Safeguarding adults guide: what you need to know
Safeguarding adults guidance
Safeguarding adults is a complicated area and one that needs careful consideration. It is important that every organisation working closely with adults has an awareness of safeguarding adults and what this entails.
If you are unsure whether you or your organisation is sufficiently aware, don’t despair – we’ve created this safeguarding adults guide, which highlights some important areas of safeguarding adults. We hope it will help you assess whether or not your knowledge is up to scratch.
We’re stressing the importance, because if you don’t know the elements which make up safeguarding adults – who could be at risk, what to look out for, what our roles and responsibilities are when it comes to vulnerable adults, and so on – then it can have a huge impact on any adults at risk, as well as on yourself. So, to ensure someone’s safety (as well as your own), you need to make sure you know your stuff.
What you need to know.
Below are several key questions that anyone who works with vulnerable adults should be able to answer. This guide will give you the basic information for you to start expanding your knowledge and will highlight the areas you might need to refresh your knowledge in.
How is safeguarding adults defined?
Safeguarding adults is defined in the Care Act 2014 as ‘protecting an adult’s right to live in safety and free from abuse and neglect.’ It hinges on people and organisations working successfully together to prevent vulnerable adults from risks and the experience of abuse and neglect, as well as ensuring that the adult’s wellbeing is at the forefront by showing regard to their feelings, wishes, views and beliefs.
Who would be classed as an ‘adult at risk’?
Following the Care Act’s guidance on who could be classed as an ‘adult at risk’, the following is required:
- They must be aged 18 or over.
- Has needs for care or support.
- Is experiencing, or is at risk of, abuse or neglect.
- Is unable to protect themselves against abuse or neglect as a result of their needs.
This isn’t an exhaustive list, as there are other factors which can also increase people’s risk of abuse. Can you think of any?
What is the most important piece of legislation for safeguarding adults?
The Care Act 2014. It is the first piece of legislation that has laid out procedures for safeguarding adults on a statutory footing. It provides useful definitions, discusses the importance of multi-agency working and highlights the importance of working together to safeguard adults, emphasising that everyone has a responsibility to protect adults at risk of abuse.
However, it is not the only piece of relevant legislation; there are numerous others: the Mental Health Act (2007) and The Mental Capacity Act (2005) and Deprivation of Liberty Safeguards (DoLS), to name a few.
How would you define abuse? What are the different types?
This is also outlined in the Care Act 2014. It defines abuse as:
- A single act or a repeated act.
- An opportunistic act or a form of serial abusing, where the perpetrator seeks out and ‘grooms’ individuals.
- An act of neglect or a failure to act.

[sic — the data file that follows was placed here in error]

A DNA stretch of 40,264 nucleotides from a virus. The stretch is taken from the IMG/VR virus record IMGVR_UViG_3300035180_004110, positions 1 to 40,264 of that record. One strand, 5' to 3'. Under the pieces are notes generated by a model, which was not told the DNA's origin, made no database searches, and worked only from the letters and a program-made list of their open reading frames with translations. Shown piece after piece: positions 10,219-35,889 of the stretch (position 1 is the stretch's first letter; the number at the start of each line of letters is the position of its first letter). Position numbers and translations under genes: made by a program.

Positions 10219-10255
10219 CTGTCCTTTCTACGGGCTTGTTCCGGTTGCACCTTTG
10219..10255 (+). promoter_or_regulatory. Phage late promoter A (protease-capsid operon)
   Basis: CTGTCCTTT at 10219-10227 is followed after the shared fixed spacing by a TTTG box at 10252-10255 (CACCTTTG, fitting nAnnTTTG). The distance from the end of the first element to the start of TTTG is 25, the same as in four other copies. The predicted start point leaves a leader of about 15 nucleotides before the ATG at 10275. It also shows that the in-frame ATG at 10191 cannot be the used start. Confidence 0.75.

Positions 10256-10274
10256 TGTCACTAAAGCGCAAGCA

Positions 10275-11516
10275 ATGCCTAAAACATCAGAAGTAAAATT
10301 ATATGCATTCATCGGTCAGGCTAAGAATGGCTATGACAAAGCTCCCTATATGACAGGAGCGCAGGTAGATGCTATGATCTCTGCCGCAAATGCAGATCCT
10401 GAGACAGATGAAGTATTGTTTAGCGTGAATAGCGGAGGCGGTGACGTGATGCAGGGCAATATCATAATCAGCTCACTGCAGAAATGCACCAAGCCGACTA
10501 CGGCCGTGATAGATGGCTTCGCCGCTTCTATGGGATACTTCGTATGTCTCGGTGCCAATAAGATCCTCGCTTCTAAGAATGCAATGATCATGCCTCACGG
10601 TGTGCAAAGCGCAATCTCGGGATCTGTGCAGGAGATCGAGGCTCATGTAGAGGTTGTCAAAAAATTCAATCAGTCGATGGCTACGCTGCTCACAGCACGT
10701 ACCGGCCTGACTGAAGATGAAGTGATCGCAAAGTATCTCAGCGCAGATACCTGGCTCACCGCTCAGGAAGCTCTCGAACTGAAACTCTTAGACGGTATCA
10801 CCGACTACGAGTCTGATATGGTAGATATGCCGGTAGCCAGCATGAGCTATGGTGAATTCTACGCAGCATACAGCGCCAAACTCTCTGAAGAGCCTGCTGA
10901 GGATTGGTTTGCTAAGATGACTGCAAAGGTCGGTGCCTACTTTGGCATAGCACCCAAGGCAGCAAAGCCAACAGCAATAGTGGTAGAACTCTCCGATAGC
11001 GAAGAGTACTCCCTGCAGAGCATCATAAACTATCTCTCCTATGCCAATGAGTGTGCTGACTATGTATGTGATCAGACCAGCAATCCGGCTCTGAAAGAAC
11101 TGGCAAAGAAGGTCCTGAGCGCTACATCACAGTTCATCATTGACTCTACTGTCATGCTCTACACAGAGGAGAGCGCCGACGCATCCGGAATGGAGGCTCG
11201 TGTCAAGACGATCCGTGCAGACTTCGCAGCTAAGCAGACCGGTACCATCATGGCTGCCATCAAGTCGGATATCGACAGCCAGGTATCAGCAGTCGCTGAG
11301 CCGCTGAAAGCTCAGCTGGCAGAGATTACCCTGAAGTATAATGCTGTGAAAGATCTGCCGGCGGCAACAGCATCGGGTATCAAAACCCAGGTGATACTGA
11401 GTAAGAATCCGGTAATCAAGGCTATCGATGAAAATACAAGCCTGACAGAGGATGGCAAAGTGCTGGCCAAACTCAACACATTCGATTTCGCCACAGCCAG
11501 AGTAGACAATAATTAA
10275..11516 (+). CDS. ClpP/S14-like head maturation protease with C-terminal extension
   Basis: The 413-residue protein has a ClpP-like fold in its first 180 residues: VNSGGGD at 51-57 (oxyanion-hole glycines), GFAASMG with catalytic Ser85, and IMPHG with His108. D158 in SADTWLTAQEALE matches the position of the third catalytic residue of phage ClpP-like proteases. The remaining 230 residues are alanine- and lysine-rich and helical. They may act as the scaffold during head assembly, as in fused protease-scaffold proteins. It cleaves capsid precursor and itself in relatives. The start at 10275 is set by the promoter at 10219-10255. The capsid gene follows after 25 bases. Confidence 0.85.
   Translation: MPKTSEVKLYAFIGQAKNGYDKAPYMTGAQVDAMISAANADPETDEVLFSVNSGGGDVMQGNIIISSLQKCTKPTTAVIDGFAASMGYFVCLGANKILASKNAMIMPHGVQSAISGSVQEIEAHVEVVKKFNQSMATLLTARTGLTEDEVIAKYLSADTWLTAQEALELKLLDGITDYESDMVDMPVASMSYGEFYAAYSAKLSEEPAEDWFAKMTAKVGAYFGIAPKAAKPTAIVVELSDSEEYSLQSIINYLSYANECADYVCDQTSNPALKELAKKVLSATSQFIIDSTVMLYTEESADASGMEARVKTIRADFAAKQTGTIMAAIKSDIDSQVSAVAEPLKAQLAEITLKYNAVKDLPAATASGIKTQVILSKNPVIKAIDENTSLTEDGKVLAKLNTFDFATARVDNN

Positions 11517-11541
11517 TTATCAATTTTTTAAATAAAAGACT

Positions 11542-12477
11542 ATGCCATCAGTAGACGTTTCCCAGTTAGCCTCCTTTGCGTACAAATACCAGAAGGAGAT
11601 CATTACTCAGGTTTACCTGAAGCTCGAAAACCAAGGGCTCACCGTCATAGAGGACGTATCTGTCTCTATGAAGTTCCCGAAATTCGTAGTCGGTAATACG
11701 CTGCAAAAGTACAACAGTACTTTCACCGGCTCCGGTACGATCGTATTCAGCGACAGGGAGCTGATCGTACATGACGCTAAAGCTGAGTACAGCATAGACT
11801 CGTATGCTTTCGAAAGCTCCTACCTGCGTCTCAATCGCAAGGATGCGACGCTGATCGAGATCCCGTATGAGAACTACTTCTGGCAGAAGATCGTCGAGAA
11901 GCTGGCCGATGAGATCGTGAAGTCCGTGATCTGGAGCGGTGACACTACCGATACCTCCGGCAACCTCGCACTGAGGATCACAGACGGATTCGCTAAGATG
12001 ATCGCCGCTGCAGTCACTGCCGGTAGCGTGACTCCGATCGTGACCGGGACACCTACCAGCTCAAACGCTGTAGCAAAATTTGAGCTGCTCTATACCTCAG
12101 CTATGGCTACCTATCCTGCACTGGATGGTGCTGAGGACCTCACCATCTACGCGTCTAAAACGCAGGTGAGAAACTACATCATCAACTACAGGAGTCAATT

- Involving more than one type of abuse.
- Deliberate or the result of negligence or ignorance.
- A crime.
There are numerous different types: physical, financial, neglect, organisational, domestic, psychological, sexual, discriminatory, modern slavery, and self-neglect. Would you be confident to recognise these?
What are signs of abuse?
As you can imagine, each type of abuse has its own signs but there are some general indicators to look out for as well. For example:
- A change in the person’s behaviour or personality.
- Bruises or marks that appear to have been made with an implement or that are located in places where such injuries do not usually appear.
- Unexplained symptoms.
Do any others come to mind?
What is your role and what are your responsibilities?
This will vary depending on what role you play in the organisation. It may be just keeping your eyes open and reporting any concerns to a manager; or you may be required to escalate any concerns. The two areas that are always a cause for concern are knowing what appropriate action should be taken, and the complicated matter of reporting abuse.
What appropriate action should you take when concerned someone might be experiencing abuse?
This might vary from organisation to organisation. Do you have guidelines for this? Are there certain ‘do’s and don’ts’ regarding what to do in a situation that is a cause for concern? These might include following best practice guidelines such as ‘make sure to record all details’ and ‘don’t try and investigate’.
Why is it important to report abuse?
This seems like an obvious question but reporting abuse can be a difficult thing to do and you could end up talking yourself out of it. However, it is vital that abuse is reported, as it can stop further abuse and ensure that those involved receive support. Overall, it is your professional responsibility.
What are the barriers to reporting abuse?
When faced with the possibility of needing to report abuse, we can easily find barriers which might prevent us from doing so. Amongst other things, there is a lot of fear involved – fear of consequences, fear of not being believed or of making things worse, fear of counter allegations and fear of the possibility of having misunderstood and jumped to conclusions. Can you relate to any of these fears or feel you know how to overcome them?
We hope that this has provided some food for thought and that you get a sense of the complexity of the area of safeguarding adults. If you want to learn more about the subject or would like to discuss how we could help you in this area, please get in touch with our Safeguarding Learning Technology Consultant, Felicity Bagshaw, at firstname.lastname@example.org.